“I don’t think we need to say that,’’ Arroyo said. “There’s no need for that. You’ve got three good ones and you’ve got guys in the third-and-one situation that can carry the flag and you’ve got guys that can carry it in certain situations. That’s a great thing to have. I think a lot of teams wish they had that kind of flexibility. We have some options and they’re all guys we’re really excited about.’’

Martin’s season has been star-crossed. He has been injured and has missed four games, including the last two. Even when healthy, Martin hasn’t been very productive. He has 58 carries for 166 yards for a 2.9 average.

Backup Bobby Rainey has been more productive with 87 carries for 388 yards. Mike James has established himself as the short-yardage back.

Then, there’s Sims, on whom the Bucs used a third-round draft pick. The team has described Sims as an all-purpose running back and it’s obvious they have big plans for him. But Sims missed the first eight games with an ankle injury. He made his debut and had 23 yards on eight carries.

What Arroyo was saying was that the Bucs are going to use a committee approach going forward. That might not be good news for fantasy owners of Tampa Bay’s running backs. But it should be good news for the Bucs.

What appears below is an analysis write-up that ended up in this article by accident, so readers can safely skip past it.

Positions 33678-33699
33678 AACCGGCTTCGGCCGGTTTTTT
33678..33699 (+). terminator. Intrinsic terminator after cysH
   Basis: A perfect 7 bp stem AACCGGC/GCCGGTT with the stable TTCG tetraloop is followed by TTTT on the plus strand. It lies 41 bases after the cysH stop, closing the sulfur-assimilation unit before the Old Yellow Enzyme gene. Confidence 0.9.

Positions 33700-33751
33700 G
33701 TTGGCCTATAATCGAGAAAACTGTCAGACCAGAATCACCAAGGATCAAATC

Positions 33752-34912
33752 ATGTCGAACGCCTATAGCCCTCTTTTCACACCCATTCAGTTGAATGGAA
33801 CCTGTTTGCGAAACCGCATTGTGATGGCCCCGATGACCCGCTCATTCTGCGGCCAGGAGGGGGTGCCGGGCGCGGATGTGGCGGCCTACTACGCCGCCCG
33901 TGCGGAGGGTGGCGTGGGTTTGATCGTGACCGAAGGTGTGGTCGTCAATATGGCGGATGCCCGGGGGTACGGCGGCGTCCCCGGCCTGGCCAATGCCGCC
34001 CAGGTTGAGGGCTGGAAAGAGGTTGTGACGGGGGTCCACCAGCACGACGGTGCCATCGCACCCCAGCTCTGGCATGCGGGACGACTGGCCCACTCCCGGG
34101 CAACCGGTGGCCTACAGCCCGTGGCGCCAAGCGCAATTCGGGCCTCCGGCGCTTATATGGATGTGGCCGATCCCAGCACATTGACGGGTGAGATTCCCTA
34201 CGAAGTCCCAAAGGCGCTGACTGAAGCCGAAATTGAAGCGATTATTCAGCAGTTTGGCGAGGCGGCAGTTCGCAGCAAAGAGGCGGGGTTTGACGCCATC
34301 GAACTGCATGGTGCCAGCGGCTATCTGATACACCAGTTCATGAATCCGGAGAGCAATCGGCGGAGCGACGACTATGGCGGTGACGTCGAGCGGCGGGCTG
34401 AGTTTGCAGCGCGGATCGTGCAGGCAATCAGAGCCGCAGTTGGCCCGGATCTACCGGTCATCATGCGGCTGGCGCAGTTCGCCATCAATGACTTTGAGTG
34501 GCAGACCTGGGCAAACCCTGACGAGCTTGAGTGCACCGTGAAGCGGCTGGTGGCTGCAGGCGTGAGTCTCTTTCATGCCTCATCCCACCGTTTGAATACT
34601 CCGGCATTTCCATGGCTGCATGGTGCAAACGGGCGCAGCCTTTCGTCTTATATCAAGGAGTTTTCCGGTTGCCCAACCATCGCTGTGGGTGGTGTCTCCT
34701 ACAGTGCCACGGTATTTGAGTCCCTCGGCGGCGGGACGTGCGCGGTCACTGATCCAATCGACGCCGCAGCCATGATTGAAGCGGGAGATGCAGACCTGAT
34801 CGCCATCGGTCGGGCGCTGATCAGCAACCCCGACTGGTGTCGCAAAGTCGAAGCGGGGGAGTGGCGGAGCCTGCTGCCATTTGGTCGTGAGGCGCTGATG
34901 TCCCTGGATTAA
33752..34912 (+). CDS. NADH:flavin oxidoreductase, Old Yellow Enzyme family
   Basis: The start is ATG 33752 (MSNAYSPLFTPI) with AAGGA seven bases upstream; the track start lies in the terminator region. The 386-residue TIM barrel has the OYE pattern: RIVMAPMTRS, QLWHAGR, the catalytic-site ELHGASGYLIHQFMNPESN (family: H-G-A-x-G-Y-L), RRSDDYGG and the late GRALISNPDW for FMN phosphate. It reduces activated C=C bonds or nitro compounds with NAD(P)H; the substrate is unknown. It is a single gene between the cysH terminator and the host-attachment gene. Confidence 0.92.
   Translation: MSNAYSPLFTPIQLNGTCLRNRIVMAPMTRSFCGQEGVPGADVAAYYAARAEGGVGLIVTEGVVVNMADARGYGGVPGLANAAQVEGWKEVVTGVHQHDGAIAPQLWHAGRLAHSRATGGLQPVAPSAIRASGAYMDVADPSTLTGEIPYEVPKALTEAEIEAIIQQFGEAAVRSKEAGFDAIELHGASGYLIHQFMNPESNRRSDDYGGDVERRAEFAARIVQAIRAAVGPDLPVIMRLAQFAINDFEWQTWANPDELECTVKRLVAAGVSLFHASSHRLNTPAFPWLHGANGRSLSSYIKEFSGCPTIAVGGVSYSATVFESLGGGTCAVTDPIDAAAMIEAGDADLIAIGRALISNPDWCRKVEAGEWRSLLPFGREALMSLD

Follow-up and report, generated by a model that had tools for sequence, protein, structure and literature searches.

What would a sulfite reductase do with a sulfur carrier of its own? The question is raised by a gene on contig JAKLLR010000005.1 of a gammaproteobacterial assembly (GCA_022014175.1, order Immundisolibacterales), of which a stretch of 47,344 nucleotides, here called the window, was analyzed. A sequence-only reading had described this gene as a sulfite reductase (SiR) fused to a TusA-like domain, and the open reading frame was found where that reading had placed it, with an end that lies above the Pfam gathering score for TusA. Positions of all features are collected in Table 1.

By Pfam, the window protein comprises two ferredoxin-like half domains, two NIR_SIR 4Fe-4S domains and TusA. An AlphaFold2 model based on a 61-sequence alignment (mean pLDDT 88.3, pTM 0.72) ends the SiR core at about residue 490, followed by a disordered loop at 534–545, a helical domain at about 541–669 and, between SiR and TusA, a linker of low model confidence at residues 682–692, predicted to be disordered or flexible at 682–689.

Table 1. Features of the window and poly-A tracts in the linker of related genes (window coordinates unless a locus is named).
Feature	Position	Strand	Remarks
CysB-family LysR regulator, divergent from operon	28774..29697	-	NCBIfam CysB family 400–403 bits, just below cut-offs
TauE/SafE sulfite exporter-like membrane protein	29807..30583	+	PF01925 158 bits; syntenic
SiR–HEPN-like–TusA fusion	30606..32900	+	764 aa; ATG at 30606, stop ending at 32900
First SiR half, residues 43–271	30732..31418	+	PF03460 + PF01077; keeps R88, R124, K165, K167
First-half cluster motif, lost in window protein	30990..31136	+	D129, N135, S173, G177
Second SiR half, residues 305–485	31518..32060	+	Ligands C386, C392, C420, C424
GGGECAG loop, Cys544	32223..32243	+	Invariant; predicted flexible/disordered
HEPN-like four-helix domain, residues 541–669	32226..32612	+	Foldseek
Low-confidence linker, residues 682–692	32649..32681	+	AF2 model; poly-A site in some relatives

They have four talented running backs, with four different skill sets, so they might as well use them all.

The Film Don't Lie: Buccaneers

November, 11, 2014
Nov 11
A weekly look at what the Buccaneers need to fix:

Tampa Bay’s running game has gotten worse as the season has gone on and that’s a big part of the reason the Bucs are 1-8.

The latest example of problems in the running game came in Sunday’s 27-17 loss to Atlanta. The Bucs gained only 92 yards on the ground and 39 of those came from quarterback Josh McCown, who ended up as the team’s leading rusher. Bobby Rainey, who got the start at running back in place of injured Doug Martin gained only 14 yards on six carries.

This is not a new issue for the Bucs. In six of their past seven games, they have failed to rush for 100 yards. That has led to an inability to protect leads and helps explain why the Bucs have blown fourth-quarter leads in each of the past three games.

"If you don’t have production from your running game, you’re going to start with the offensive line first and everybody involved in that," coach Lovie Smith said. "From there, though, as a running back, when you get a couple of holes, you need to make someone miss and be able to get yards that way."